- Creative Corner
Tu Bishvat or Tu B'Shevat (Hebrew: ט״ו בשבט) is occurring on the 15th day of the Hebrew month of Shevat (in 2011 this occurred from sunset on January 19th through sunset on January 20th). It is also called "The New Year of the Trees" or (Hebrew: ראש השנה לאילנות, Rosh HaShanah La'Ilanot).
Traditionally, trees are planted on this day. Many children collect funds leading up to this day to plant trees in Israel.
According to the Mishnah, it marks the day from which fruit tithes are counted each year, and marks the timepoint from which the Biblical prohibition on eating the first three years of fruit and the requirement to bring the fourth year fruit to the Temple in Jerusalem were counted.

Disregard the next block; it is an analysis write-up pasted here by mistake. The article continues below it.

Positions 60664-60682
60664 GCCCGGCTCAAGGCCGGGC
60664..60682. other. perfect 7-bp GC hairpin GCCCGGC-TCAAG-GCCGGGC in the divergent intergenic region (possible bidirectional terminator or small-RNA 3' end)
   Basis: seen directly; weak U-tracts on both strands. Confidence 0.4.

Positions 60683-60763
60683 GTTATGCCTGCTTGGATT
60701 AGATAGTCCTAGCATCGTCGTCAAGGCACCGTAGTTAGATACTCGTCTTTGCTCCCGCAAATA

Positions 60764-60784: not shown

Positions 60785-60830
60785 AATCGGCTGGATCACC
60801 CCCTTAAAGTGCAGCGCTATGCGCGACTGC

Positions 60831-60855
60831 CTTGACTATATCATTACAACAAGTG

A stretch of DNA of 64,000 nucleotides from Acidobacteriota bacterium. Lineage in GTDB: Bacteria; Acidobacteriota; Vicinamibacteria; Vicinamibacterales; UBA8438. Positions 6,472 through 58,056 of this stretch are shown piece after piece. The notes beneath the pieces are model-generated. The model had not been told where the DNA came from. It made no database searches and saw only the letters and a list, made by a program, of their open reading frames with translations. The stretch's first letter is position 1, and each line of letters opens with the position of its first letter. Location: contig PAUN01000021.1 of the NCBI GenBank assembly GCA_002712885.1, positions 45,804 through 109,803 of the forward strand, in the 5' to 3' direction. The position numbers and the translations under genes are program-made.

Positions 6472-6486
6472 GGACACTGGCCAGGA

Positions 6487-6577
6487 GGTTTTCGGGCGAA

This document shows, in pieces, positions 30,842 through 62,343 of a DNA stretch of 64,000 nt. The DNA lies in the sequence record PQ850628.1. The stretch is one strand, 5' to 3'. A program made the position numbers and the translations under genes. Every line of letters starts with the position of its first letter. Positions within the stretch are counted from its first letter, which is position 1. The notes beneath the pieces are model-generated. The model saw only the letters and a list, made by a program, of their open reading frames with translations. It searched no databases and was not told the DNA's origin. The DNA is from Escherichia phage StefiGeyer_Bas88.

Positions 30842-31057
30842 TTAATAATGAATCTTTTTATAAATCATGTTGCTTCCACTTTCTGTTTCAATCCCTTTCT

In the 16th century, the kabbalist Rabbi Yitzchak Luria of Safed and his disciples instituted a Tu Bishvat seder in which the fruits and trees of the Land of Israel were given symbolic meaning. The main idea was that eating ten specific fruits and drinking four cups of wine in a specific order while reciting the appropriate blessings would bring human beings, and the world, closer to spiritual perfection.
In modern times, it is celebrated by eating various fruits and nuts associated with the Land of Israel.